JTF (just the facts): A total of 8 photographic works, alternately framed in silver and unmatted or unframed, and hung against white walls in the main gallery space. 3 of the works are Fujiflex digital prints made in 2017. These prints are each sized 63×48 and are available in editions of 1+2AP. The other 5 works are Fujiflex digital prints with fluorescent acrylic, also made in 2017. These works are each sized roughly 36x36x6 and are unique. The show also includes 1 sculpture from 2017, on view in the center of the gallery space. It is made of fluorescent acrylic, is sized approximately 32x98x96, and is unique. (Installation shots below.)
Comments/Context: The image/object dichotomy of photography has been a favorite discussion point for conceptually-minded photographers since the 1960s. At its root, it recognizes the idea that a photograph can operate simultaneously as a flat two-dimensional image/representation and a three dimensional object (a physical print) with real surface and volume, and for many artists, this push and pull has been a catalyst for the creation of photographic works that deliberately straddle (or defy) typical genre boundaries.
One subset of the artworks that have emerged from this line of thinking are works that place images and objects into direct dialogue with each other. In some cases, this has meant using an object to sculpturally interrupt or intervene in an image (like many of Marlo Pascual’s recent installations), while in others, objects and images of those same objects have been installed together (like Joseph Kosuth’s famous chairs), forcing the viewer to consider the edges of perception and recognition. In this way, opposition and commentary have consistently worked their way into the image/object argument.
What has proven much harder for artists of all kinds has been the integration of images and objects into coherent tightly-coupled combinations that feel synergistic rather than reactive – history has shown is that it has been extremely hard to incorporate a physical object into a photograph without it feeling like a bolt-on, or worse, a gimmick. Some of the most successful efforts have been those that use string, rope, or small swatches of fabric (like some of the early conceptual works by Helena Almeida, Liliana Porter and others), as they use the object(s) to bridge out of the picture and extend its ideas beyond the edge of the frame and into three dimensions without introducing an attention grabbing distraction. And Vik Muniz’ most recent show earlier this year (reviewed here) delivered a wide spectrum of carefully constructed experiments employing in-frame image/object combinations.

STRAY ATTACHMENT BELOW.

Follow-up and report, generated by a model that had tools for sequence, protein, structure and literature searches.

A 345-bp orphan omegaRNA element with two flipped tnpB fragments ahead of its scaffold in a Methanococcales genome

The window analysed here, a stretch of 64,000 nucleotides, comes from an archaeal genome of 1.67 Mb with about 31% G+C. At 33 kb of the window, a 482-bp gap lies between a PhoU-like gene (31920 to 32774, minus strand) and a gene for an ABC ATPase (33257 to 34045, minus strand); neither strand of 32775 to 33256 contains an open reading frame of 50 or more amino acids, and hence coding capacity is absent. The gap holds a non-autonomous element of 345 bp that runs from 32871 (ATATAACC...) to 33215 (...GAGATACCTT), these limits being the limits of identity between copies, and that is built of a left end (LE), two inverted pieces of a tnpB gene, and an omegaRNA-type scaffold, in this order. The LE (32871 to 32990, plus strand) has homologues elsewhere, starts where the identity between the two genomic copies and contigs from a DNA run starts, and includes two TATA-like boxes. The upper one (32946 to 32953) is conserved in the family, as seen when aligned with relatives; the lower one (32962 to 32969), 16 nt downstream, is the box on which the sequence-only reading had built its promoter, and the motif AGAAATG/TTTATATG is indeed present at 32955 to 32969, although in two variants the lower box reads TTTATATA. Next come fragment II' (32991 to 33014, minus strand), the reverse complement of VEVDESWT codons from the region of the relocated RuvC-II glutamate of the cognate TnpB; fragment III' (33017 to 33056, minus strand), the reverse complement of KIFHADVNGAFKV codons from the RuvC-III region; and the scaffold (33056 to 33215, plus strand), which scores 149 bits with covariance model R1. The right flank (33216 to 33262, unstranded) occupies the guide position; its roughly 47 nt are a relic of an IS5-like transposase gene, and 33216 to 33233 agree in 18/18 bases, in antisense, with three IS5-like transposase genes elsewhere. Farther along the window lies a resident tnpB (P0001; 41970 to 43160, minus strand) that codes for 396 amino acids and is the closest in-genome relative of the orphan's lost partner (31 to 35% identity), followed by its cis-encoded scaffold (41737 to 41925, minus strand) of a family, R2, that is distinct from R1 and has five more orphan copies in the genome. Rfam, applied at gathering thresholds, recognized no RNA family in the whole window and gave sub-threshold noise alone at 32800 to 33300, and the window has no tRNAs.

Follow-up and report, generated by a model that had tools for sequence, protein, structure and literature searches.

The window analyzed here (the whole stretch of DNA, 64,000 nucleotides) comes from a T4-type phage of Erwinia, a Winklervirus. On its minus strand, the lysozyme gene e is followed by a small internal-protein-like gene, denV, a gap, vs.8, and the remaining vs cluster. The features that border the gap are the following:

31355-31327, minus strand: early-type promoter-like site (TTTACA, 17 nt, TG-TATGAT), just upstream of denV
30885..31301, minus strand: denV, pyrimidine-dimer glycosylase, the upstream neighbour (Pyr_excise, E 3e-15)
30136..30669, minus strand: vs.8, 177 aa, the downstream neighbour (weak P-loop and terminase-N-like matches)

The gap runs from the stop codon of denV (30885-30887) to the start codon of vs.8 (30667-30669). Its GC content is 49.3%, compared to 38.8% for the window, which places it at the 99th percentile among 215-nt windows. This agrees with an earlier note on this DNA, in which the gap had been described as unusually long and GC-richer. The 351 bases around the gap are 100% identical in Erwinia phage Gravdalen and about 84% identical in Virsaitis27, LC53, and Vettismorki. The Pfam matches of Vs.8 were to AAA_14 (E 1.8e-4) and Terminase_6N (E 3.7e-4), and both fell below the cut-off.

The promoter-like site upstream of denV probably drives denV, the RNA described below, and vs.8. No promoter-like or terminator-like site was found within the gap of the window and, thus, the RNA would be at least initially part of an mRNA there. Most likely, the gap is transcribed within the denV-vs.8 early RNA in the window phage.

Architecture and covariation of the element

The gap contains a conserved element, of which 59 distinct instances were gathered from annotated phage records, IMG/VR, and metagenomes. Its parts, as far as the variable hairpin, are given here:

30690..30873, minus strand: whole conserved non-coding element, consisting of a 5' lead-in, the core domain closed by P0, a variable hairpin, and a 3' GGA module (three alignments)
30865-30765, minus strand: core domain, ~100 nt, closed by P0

That Barbara Kasten, now in her early 80s, could step into this dangerous artistic minefield and deliver brand new works that raise the standard for sophisticated image/object synergy is perhaps not altogether surprising. Kasten has been painstakingly exploring the nuances of photographic space for decades, iteratively unpacking how the camera sees and building elaborate constructions of mirrors, tinted plastic, and cast light that have incrementally tested the limits of perception.
Kasten’s new works from her Progressions series attack the problem of photographic three dimensionality from a core of strength, namely her subtle understanding of (and experience in) how abstract geometries can be fit together effectively. She starts from a familiar place – sheets of fluorescent acrylic cut into squares, triangles, and other hard edged forms, which are then placed into elaborate tabletop arrangements and carefully lit. Her controlled experiments turn edges into dark lines, twist squares into overlapping polygons, and create shadows and reflections that add yet another layer of geometric space. As seen in a selection of large scale photographs hung nearby (from the recent Collision series), her mastery of spatial relationships and additive color remains in top form, the interlocking planes intertwining with intricate complexity.